It's a party driven by loyalty not "to an ideal, a vision or a legislative programme" but to President Trump "and to the prejudice and rage which consume the voter base.... In America that is unprecedented and it is dangerous."
The article notes that the heart of Trump's loyalty-based system of governance is really a "contempt for the truth." It's deeply troubling that so many millions of Americans and the vast majority of Republican voters find this tolerable.
This cult of loyalty to Trump and his base affects government in three ways, the article continues. By:
- Replacing coherent policymaking with government by "impulse—anger, nativism, mercantilism—beyond the reach of empirical argument."
- Eroding norms and conventions of America's democracy, in particular the presidency.
Citing David Frum, the article outlines Trump's disregard for norms: hiding his tax returns (a norm in place since Gerald Ford), ignoring conflict-of-interest rules (since Richard Nixon), running a business for profit (since Lyndon Johnson), appointing relatives to senior posts in the administration (since John F. Kennedy), and enriching his family by patronage (since Ulysses S. Grant).
- Treating opponents as wicked or traitorous.
How did this happen? In "How the elephant got its Trump," The Economist warns that Trump’s takeover of his party was not a one-off, is nearly total, and will not easily be undone.
Trump has an 85% approval rating among Republicans. Apparently, they like what he offers: "a set of feelings—about patriotism, about who is a proper American and who is not, about foreigners, about elites, about sovereignty and about power."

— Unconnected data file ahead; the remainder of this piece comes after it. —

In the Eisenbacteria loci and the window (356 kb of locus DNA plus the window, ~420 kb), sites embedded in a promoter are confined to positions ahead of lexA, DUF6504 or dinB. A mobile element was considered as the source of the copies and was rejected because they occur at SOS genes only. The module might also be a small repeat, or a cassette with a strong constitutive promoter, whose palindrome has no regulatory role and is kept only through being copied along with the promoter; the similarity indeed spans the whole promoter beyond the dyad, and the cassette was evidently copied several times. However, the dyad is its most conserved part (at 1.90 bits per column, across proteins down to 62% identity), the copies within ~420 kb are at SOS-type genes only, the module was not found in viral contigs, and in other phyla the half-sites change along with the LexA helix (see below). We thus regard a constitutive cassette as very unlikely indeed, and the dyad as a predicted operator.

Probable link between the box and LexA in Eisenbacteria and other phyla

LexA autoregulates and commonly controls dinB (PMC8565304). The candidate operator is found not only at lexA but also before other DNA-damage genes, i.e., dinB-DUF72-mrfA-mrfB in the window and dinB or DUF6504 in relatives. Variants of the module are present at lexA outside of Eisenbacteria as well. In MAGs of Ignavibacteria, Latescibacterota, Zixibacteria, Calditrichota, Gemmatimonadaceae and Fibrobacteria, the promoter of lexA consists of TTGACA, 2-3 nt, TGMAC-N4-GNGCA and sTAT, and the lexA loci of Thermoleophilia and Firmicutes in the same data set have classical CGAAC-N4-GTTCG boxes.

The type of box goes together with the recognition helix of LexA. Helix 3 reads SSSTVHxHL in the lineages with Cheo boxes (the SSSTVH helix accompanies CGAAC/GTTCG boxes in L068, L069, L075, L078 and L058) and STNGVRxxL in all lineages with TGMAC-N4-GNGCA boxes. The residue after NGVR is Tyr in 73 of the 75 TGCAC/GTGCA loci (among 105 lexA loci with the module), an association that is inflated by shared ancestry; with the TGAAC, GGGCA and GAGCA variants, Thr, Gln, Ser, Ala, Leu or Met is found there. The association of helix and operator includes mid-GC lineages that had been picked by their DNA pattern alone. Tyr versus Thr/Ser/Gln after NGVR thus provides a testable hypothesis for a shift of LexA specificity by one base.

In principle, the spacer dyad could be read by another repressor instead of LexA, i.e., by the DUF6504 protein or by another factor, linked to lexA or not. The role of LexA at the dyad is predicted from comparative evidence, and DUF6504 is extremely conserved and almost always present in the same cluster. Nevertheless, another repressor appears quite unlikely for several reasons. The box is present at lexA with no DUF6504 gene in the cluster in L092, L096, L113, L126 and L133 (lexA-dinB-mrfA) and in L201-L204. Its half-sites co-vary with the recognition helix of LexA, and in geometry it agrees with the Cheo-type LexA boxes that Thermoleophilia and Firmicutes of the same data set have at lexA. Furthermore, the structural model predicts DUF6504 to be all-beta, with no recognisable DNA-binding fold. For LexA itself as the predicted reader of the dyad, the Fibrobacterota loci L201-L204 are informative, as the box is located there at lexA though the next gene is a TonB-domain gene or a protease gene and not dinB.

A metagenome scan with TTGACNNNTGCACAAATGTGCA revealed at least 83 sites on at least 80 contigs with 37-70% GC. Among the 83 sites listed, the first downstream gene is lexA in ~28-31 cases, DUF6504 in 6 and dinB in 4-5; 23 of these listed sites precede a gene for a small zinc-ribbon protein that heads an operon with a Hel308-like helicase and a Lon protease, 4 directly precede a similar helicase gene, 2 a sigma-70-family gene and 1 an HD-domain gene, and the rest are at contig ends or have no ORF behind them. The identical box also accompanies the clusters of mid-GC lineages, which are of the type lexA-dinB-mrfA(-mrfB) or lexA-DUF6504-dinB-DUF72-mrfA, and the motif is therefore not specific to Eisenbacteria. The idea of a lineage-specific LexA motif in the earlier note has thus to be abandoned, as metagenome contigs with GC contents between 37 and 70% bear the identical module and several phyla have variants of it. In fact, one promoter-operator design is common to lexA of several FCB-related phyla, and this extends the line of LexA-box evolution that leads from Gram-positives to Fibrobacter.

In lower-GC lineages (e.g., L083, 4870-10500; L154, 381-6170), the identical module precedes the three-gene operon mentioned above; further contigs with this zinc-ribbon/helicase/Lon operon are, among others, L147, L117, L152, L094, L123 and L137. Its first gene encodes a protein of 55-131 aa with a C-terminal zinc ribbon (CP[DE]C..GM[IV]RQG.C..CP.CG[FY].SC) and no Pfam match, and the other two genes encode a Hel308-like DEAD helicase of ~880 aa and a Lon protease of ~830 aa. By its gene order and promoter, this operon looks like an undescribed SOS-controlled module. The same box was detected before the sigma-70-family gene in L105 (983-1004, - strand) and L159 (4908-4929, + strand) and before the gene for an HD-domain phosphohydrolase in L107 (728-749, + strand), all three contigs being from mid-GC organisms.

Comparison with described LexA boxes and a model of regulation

Who are these pro-Trump Americans? The work of Larry Bartels, a political scientist at Vanderbilt University in Tennessee, suggests that many of them
are united by cultural issues rather than narrowly political ones. They tend to share respect for the flag and the English language, and negative feelings towards Muslims, immigrants, atheists, and gays and lesbians.
According to Andrea Volkens of the Berlin Social Science Centre, already by 2013 the Republican Party was more similar to "France’s National Front than to the Conservatives in Britain or Canada," based on a comparison of manifestos (a.k.a. platforms) of various political parties.
The strongest correlation to the transformation of the Republican Party, the article explains, is a shift by white voters without a college education to the Republican Party between 2009 and 2015.
The article stresses that neither the great recession (economics) or the presidency of Barack Obama (racism) are wholly satisfactory explanations for this.
However, in an April 23, 2018, article in The Atlantic, "People Voted for Trump Because They Were Anxious, Not Poor," by Olga Khazan, the findings of University of Pennsylvania political scientist Diana C. Mutz point to anxiety as a cause of the shift by white voters without a college education.
Trump supporters were also more likely than Clinton voters to feel that “the American way of life is threatened,” and that high-status groups, like men, Christians, and whites, are discriminated against.
Khazan says that studies such as Mutz's "dispel the fiction...that the majority of Trump supporters are disenfranchised victims of capitalism’s cruelties," sometimes called the "left-behind" theory. The article notes that Hillary Clinton decisively beat Trump in the 2016 General Election among Americans making less than $50,000 a year.